BIRMINGHAM, Ala. – Time Inc. asked a judge to throw out its settlement and dismiss defamation claims of former Alabama football coach Mike Price over a Sports Illustrated article recounting his night of drunken partying at a Florida strip joint, court documents showed Wednesday.
In a motion filed in federal court, Time claimed Price and his lawyer, Steve Heninger, violated an agreement to make only limited public comments about the deal, reached last week to resolve Price’s $20 million defamation suit against the magazine, which Time publishes.
Heninger denied violating the settlement’s terms.
When asked by reporters about the development after practice Wednesday in El Paso, Texas, Price said, “I don’t know anything about it.”
U.S. District Judge Lynwood Smith made no immediate ruling on the motion, filed late Tuesday, but he did grant Time’s request to seal court documents related to terms of the settlement.
In announcing the settlement on Monday, Time released a four-sentence statement saying the case was “amicably resolved” and that it continued to stand by the story, which Price claimed was false in key parts.
Afterward, Price held a news conference at Texas-El Paso, where he now coaches, and said he felt vindicated. In a written statement issued by UTEP, Price called the agreement a “great victory.”
Arguing that Price and Heninger violated the settlement by saying far more than was in the magazine’s brief statement, Time asked the court to dismiss Price’s suit – which would have the effect of throwing out the settlement – and to make the coach pay the company’s legal bills.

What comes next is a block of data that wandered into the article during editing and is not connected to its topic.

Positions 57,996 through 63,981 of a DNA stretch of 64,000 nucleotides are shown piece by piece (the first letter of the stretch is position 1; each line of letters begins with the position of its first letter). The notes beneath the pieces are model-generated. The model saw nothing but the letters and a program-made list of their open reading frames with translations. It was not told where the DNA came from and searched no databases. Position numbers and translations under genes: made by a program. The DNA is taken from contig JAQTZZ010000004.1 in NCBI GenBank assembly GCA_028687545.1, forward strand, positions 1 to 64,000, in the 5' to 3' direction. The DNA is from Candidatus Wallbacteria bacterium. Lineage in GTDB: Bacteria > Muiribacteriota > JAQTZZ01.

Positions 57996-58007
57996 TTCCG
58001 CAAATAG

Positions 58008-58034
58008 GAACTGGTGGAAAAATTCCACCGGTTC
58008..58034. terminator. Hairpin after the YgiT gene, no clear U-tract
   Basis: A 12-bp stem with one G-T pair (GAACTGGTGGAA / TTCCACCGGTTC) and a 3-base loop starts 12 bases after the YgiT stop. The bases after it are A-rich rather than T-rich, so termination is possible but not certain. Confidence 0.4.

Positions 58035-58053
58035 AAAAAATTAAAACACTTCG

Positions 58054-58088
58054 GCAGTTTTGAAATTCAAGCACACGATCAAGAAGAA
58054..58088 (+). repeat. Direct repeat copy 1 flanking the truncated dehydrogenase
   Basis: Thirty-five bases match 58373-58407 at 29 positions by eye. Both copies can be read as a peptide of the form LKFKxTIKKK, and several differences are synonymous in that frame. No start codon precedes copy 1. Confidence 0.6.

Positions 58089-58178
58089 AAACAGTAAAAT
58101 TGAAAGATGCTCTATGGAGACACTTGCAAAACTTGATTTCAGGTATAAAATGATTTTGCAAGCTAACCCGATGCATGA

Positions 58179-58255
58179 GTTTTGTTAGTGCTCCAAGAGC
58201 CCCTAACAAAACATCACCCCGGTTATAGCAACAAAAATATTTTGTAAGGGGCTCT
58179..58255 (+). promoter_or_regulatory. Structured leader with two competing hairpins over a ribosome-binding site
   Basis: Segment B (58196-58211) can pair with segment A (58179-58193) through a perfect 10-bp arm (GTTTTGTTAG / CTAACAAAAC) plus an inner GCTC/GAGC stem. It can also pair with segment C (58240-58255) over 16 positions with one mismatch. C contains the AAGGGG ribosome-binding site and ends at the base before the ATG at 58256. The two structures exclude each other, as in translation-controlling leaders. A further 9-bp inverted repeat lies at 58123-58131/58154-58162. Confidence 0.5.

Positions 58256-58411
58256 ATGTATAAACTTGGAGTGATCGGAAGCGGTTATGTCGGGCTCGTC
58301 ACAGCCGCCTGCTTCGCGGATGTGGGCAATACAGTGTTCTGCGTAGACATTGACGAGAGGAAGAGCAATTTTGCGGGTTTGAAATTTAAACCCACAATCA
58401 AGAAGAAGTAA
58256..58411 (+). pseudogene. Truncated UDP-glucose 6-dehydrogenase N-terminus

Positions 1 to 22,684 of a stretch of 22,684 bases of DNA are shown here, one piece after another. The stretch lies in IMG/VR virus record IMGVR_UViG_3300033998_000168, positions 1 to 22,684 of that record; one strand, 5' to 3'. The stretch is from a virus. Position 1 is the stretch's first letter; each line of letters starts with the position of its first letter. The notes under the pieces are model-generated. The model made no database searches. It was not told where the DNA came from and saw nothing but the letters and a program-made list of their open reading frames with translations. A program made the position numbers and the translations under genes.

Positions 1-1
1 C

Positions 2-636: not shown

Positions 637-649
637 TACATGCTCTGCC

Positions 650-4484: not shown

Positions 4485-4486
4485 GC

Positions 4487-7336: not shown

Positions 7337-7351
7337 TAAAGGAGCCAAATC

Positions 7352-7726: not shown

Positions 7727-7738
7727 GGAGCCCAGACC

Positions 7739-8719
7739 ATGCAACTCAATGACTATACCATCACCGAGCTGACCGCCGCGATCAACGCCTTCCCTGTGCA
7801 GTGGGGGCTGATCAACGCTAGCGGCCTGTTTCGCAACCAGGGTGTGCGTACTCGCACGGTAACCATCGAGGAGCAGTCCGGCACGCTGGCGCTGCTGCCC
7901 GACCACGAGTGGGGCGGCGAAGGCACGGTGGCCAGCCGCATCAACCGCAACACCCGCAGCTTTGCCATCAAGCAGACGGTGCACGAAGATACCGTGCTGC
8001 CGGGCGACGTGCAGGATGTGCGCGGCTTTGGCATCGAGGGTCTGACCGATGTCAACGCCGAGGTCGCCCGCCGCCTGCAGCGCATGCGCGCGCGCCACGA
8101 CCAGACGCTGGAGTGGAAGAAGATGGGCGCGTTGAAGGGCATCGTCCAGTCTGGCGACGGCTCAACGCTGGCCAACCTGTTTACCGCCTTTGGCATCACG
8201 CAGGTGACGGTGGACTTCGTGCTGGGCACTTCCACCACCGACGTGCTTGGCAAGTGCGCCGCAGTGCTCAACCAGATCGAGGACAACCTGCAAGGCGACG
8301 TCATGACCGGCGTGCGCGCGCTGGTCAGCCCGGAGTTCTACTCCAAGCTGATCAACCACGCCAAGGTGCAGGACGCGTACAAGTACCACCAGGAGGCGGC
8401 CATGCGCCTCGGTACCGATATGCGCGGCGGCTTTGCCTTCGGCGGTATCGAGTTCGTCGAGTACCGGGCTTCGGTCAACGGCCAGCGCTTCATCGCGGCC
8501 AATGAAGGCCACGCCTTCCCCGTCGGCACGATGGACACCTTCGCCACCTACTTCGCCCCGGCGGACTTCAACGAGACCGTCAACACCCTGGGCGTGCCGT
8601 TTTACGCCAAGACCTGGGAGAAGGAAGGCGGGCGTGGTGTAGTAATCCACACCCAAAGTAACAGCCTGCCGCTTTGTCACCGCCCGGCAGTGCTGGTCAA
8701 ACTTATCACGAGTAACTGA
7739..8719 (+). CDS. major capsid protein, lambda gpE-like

Heninger said his and Price’s comments did not violate the settlement.
“I’m filing a motion to enforce the agreement. We have never disclosed any terms of the agreement or anything outside the public record,” he said.
“We do consider that we won this case at every legal juncture. But we have not and will not disclose terms of the agreement,” Heninger said.
Price filed suit against Time claiming he was defamed and slandered by a Sports Illustrated story detailing his actions the night he visited a topless bar in Pensacola, Fla., in April 2003 while still head coach at Alabama.
Price has publicly acknowledged being heavily intoxicated, but denied allegations of sex with two women in his hotel room that the magazine reported. University of Alabama President Robert Witt fired Price a few days before the article was published.
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